We were hesitant to go to San Blas. We’ve been warned about crazy Norm Goldie on s/v Jama. We’ve heard about dingy and surfboard thefts. We’ve heard about the terrible Jejenes (no see ums). Ultimately our decision to visit San Blas was made when we discovered that we needed a boat part and it was the closest port. We had an easy daysail from Isla Isabella and anchored before nightfall in Ensenada de Mantenchen (sometimes written as Matenchen). Our Mexico travel has been on the Baja and then in the city of Mazatlan, then a short trip out to a remote island, and this was the first place that really felt tropical. The bay is large and the land around it is low and surrounded by palm trees, the hills behind are amazingly green with a few obvious plantations, perhaps coffee, coconut and banana.
When the time came to explore we set up the dingy and headed for shore in search of a man named Ishmel with a restaurant on the waterfront who has a reputation for looking after cruiser’s dingies. Restaurant Mantanchen is a beach shack with more tables and chairs than I ever imagine they fill, a baby swinging in a cradle, a barefoot boy running around, cats, dogs, and a dirt floor with trays of burning coconut husks. We were welcomed and told our dingy would be safe and we could leave it all day.
We ventured down the dusty road and walked to the little village to find the bus stop. The only clue that we might be in the right spot was a young man waiting by the side of the road. When he decided we had waited long enough (“the bus must be late,” he communicated) he flagged down a delivery truck (a friend perhaps) and got us all a ride to town. Five of us squeezed into the front of the truck with its cigarette smoking driver Fidel and rode right into San Blas. Though it was only the hardware store and the bank that we needed in San Blas we had an easy time getting all of our errands done right near the plaza. We even got home in time to avoid the most of the jejenes.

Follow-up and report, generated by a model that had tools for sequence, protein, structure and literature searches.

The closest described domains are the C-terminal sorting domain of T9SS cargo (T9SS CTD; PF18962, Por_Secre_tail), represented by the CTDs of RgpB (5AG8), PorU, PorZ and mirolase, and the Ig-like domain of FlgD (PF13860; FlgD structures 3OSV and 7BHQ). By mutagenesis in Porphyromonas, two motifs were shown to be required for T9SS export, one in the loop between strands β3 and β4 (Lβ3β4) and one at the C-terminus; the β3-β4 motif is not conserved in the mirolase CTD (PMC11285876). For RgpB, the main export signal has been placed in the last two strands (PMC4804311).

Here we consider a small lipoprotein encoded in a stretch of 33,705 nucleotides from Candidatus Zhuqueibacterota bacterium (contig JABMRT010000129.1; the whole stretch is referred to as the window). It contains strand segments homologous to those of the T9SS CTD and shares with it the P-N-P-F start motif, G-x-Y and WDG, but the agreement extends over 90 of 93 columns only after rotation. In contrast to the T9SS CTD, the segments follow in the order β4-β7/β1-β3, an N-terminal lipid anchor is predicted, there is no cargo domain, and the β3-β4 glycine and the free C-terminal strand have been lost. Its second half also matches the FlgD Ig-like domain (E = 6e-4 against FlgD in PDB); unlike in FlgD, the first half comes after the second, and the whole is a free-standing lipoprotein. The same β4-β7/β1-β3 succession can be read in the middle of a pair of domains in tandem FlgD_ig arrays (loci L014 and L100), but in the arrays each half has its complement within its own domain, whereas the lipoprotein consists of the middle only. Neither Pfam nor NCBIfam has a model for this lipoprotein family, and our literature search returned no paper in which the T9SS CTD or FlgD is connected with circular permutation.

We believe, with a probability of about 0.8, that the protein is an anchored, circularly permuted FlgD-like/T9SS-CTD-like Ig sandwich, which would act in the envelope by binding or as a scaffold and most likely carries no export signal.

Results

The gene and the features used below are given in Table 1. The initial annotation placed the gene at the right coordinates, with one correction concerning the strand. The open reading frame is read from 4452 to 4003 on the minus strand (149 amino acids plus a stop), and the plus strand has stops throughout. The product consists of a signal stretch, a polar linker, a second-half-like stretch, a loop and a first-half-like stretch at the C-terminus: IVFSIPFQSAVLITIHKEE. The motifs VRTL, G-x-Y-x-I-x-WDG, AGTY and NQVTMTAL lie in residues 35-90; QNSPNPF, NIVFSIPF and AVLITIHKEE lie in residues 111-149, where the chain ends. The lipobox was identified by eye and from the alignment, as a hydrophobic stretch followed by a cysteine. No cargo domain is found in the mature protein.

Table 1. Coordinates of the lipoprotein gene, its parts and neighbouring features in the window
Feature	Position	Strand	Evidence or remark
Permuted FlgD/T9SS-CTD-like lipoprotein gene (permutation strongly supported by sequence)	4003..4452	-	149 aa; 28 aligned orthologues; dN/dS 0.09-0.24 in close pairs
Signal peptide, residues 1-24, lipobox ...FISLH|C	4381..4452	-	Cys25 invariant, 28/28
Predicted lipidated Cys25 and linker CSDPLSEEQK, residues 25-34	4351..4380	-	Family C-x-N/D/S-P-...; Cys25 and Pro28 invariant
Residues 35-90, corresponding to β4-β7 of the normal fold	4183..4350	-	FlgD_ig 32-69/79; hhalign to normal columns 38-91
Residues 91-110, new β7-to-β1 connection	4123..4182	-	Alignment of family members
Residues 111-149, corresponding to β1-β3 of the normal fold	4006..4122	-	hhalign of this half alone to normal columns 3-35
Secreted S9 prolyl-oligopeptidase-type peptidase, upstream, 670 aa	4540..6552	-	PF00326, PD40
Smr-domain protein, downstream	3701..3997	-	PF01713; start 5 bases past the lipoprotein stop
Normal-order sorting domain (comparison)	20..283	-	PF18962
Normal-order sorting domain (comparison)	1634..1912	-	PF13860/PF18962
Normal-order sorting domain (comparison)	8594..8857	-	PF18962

The Tovara jungle tour is reason enough to visit San Blas. Miles had been scared for days because the highlight of the boat tour down the river is searching for crocodiles. But he went armed with his new plastic rake and Brian (from s/v Cat2Fold), who promised to fight all the big ones away if necessary. We got in our boat and our guide (Martin) motored skillfully down the amazing river through the mangroves. The tunnel of mangroves opened up to a marsh with sharp grasses and palm trees on the edges. We saw crocodiles, turtles, white pelicans, egrets, hawks, fish, iquanas, storks, and more plants than we’ll ever know the names of. We stopped for just 15 minutes at the zoo (I think if they left you there any longer you’d get too sad). A jaguar without proper papers (retired from the circus but not legal enough for a real zoo) would have eaten Ruby instead of his usual chicken for lunch if his bars has been down. She didn’t act as scared as the rest of us when he snarled and lunged at her but she did say he gave her a headache. We saw several crocs up close, resting in their cages with their giant mouths wide open, before we piled back into our boat to head for more.
As if we didn’t have enough to enjoy, at the top of the river there is a fenced off pool of clear fresh water to rope swing into and swim. Don’t ask us when we last took a shower; we were all grateful for a fresh water bath! We jumped off the rope swing, swam, sat in the sun, chatted with the local kids, and reluctantly headed back for our ride home.
The little village of Mantanchen is filled with sweets shops- banana breads, little pies, sugary coconut treats, fresh coconuts to drink from, banana trees, and coconut and citronella insect repellent and the after bite spray that we would need when it doesn’t work. Restaurant Mantanchen made us a delicious grilled horse fish for our early dinner, we bought a hammock and a coconut sweet, and we headed back to Convivia.
Yes, s/v Jama is crazy (he’s on the VHF radio ten times a day to let you know it- that guy needs some friends), the bugs are terrible (DEET works better than the natural stuff and a small dose of children’s Benedryl works much better than the coconut oil after bite spray), there is some theft from time to time, but it’s absolutely worth the trip.
It has been 5 nights since we left San Blas and we are still scratching from the bugs that showed up on our boat the second night in the anchorage. We had two sleepless nights from the bites and Tucker and I dosed ourselves with an entire package of benedryl (over the course of a few days) before the itches let up. Our boat was covered with black dots (jejenes) when we were leaving San Blas and the bugs only seemed to leave for good last night when we had thoroughly cleaned the inside of the boat and washed all of the sheets, towels, and clothes. Honestly, though I loved the jungle tour and felt so thrilled that that experience was part of my life. That said, I won’t be going back, and if I hear that another place has such a terrible reputation for biting bugs I may skip that too. (If anyone has any tricks to make me not so tasty I’d like those too.) So, is San Blas worth a visit. I will leave that up to you. If I knew someone who, like me hated bug bites, and seemed to attract the vile little things, but was interested in the jungle tour, I might suggest renting a car for the 2 hr drive from PV.